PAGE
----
2. The job to be done. What, in their terms is the job they need to get done that you or your product/service might do for them. How you refer to what you do needs to be in terms of, “Here’s what you can do with our product.”
  3. What it’s worth to the prospect plays a key part in how you will be perceived. If you have a value proposition for your business this will be an integral part.

Here’s an option that might play better with women. Note how the headline has been shortened.

Option 3

Subhead is optional but I highly recommend it. It gives you the chance to add to the value of your headline, expand and define the job the product does and personalize your pitch for the target audience. The more these words come out of the situations your prospects find themselves in the stronger they will be. The more you can let them see you understand the emotional context they find themselves in the more they will be drawn to you.

Notice how the subhead has changed slightly to include the phrase “lifelong success” which is gender and age neutral as illustrated by this example:

Option 4

Call to action (CTA) After all that skull sweat to find just the right words you can’t let it go to waste. You can’t expect the visitor to know what to do if you don’t tell him/her. You don’t need to put your primary CTA on the first panel. But you do need to put at least one simple button there that is the overall action you want folks to take.

You need to give the visitor a simple mechanism to connect with you. In the case of the Master site we have button in a color contrasting from the background image with the words Arrange a Chat. That drops down to the primary home page CTA that is a form that gathers additional data about the prospect. Why? I’ve written before about “Skin in the game.” If a prospect will answer a few questions they are more likely to be someone I’d like to work with.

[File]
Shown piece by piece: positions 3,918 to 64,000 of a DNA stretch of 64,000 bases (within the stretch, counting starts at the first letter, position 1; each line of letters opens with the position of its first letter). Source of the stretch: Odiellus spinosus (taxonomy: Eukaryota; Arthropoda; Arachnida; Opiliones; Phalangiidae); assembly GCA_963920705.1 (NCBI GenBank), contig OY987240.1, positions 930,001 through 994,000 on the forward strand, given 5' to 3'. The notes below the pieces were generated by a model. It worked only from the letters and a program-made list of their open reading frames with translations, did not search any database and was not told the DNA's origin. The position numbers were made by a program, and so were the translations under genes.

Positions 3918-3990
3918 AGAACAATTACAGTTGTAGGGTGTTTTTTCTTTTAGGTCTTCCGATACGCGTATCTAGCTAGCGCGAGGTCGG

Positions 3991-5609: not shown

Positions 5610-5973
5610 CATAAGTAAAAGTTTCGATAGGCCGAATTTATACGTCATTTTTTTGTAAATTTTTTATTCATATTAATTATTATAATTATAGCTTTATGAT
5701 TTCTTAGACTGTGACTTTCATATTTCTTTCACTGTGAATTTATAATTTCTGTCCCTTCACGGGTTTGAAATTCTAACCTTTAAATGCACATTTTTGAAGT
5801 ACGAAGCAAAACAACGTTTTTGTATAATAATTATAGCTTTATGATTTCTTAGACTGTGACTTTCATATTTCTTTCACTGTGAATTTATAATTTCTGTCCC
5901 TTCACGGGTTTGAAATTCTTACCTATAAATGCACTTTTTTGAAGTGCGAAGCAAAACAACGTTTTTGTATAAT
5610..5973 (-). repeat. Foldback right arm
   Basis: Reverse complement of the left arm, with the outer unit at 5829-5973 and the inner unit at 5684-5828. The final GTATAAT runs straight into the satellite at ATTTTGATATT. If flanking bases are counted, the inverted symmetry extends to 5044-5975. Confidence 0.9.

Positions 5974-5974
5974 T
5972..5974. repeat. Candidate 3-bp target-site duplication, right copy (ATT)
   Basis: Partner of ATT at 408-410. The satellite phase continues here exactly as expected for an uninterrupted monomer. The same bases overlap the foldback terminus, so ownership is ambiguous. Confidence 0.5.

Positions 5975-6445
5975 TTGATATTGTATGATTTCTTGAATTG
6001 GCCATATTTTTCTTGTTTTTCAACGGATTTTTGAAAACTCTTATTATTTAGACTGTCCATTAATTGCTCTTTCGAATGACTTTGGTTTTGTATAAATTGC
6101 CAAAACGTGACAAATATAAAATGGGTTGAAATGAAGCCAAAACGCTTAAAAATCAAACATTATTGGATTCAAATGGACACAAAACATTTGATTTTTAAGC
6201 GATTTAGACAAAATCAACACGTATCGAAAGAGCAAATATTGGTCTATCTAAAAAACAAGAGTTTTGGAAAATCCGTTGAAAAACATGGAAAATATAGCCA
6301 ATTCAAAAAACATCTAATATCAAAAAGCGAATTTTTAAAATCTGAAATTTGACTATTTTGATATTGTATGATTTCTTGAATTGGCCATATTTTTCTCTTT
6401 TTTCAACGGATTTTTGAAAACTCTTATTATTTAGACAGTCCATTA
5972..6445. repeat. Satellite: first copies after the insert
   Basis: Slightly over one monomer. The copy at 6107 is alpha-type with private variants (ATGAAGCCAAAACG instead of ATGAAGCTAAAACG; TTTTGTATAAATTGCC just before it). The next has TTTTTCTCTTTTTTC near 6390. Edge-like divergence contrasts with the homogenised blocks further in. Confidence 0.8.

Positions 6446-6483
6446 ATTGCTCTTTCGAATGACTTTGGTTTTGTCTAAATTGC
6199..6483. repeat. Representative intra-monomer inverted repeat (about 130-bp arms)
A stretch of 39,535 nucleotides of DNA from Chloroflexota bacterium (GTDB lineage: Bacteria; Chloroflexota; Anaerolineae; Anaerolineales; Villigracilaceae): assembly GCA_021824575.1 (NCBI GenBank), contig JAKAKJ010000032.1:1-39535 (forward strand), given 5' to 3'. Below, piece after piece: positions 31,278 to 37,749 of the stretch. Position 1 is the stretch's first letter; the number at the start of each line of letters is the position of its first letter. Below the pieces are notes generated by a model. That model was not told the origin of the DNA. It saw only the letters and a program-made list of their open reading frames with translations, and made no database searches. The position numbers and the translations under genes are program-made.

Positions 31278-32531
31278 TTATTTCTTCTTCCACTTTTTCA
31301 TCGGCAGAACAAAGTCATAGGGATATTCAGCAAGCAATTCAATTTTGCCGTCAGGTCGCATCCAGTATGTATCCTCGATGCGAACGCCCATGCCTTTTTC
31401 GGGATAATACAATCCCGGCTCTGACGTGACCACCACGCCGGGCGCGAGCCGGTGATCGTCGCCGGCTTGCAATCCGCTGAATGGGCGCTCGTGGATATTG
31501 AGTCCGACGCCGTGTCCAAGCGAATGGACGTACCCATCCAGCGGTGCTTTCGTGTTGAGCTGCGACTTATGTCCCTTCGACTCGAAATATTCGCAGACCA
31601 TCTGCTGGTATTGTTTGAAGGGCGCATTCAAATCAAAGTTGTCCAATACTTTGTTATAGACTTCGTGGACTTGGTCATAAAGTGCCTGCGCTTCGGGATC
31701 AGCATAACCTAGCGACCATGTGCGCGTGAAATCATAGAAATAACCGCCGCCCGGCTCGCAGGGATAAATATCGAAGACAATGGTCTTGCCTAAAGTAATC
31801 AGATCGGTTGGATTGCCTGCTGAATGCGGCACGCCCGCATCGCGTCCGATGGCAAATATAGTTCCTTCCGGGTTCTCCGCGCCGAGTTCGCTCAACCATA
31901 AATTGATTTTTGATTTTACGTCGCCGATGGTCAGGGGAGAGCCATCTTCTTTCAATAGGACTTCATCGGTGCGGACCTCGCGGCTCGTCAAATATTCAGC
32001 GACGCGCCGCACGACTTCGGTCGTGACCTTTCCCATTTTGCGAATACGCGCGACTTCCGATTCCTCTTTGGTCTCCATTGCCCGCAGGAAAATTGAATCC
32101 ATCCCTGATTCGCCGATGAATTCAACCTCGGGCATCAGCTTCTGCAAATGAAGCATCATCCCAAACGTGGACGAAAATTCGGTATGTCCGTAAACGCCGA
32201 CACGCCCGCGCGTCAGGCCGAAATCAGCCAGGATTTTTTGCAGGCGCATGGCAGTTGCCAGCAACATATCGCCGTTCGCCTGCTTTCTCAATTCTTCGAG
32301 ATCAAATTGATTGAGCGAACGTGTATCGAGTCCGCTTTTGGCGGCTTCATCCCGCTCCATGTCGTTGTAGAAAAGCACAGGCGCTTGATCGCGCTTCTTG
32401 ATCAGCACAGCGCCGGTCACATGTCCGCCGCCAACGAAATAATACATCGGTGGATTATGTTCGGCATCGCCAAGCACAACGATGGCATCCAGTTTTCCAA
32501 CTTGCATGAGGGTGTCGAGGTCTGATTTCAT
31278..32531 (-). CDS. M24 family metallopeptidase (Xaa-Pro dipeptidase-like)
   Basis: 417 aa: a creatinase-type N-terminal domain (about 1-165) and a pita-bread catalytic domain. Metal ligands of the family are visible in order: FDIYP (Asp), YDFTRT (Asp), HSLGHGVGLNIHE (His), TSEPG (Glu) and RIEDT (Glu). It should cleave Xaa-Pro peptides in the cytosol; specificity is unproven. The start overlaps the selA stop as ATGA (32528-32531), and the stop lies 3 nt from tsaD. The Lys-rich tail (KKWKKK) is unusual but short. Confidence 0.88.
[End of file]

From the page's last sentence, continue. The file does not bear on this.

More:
Here’s a tip: include a second CTA but make it not as prominent. Offer the visitor a less direct close. Give them an option.

This is glimpse into the thinking and development process I use with every website. This is just the first panel on my new site in development. Which design will I launch? Right now, I’d probably go with the old guy version. Which do you prefer?

And so it goes

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Jerry Fletcher is a sought-after International Speaker, a beBee ambassador, founder and Grand Poobah of www.BrandBrainTrust.com 

His consulting practice, founded in 1990, is known for on and off-line Trust-based Consultant Marketing and Brand development advice that builds businesses, careers and lives of joy.

Consulting: www.JerryFletcher.com
Speaking: www.NetworkingNinja.com

Consultant Marketing Wicked Worksheet

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How will you be remembered?

What is your legacy?  What will people say about you and your business when you are gone? If the business continues will people remark on what it did for clients? Will the name stir golden memories or just a confusion of recollections?

Why?

At the heart of every successful business, particularly a consulting business there is a reason why the organization exists. Whether you’re a solopreneur or a group with offices across the country there is a core purpose that keeps the firm alive.

But it is more than that driving force. Over time it also becomes the results achieved. Those for whom you have delivered become a tribe linked to each other by those results and the passion that drives the enterprise.

It is most commonly called your mission.

Because of the emotions involved it is difficult to state simply and clearly. One of my clients who had easily completed all the exercises and worksheets presented to her earlier said that this one was “Wicked.”

The Wicked Worksheet

The Why of your business is not easy to put into words for most consultants. The easiest way I have found to get to the WHY of a business is to start with the easier questions and work into it. Repeat until it “feels right”

  1. What one or two words describes your business or organization in terms of what it delivers?

Examples: Marketing Advice (for a consultant) Delivery (for a package service)

My What word is: ________________________________________________________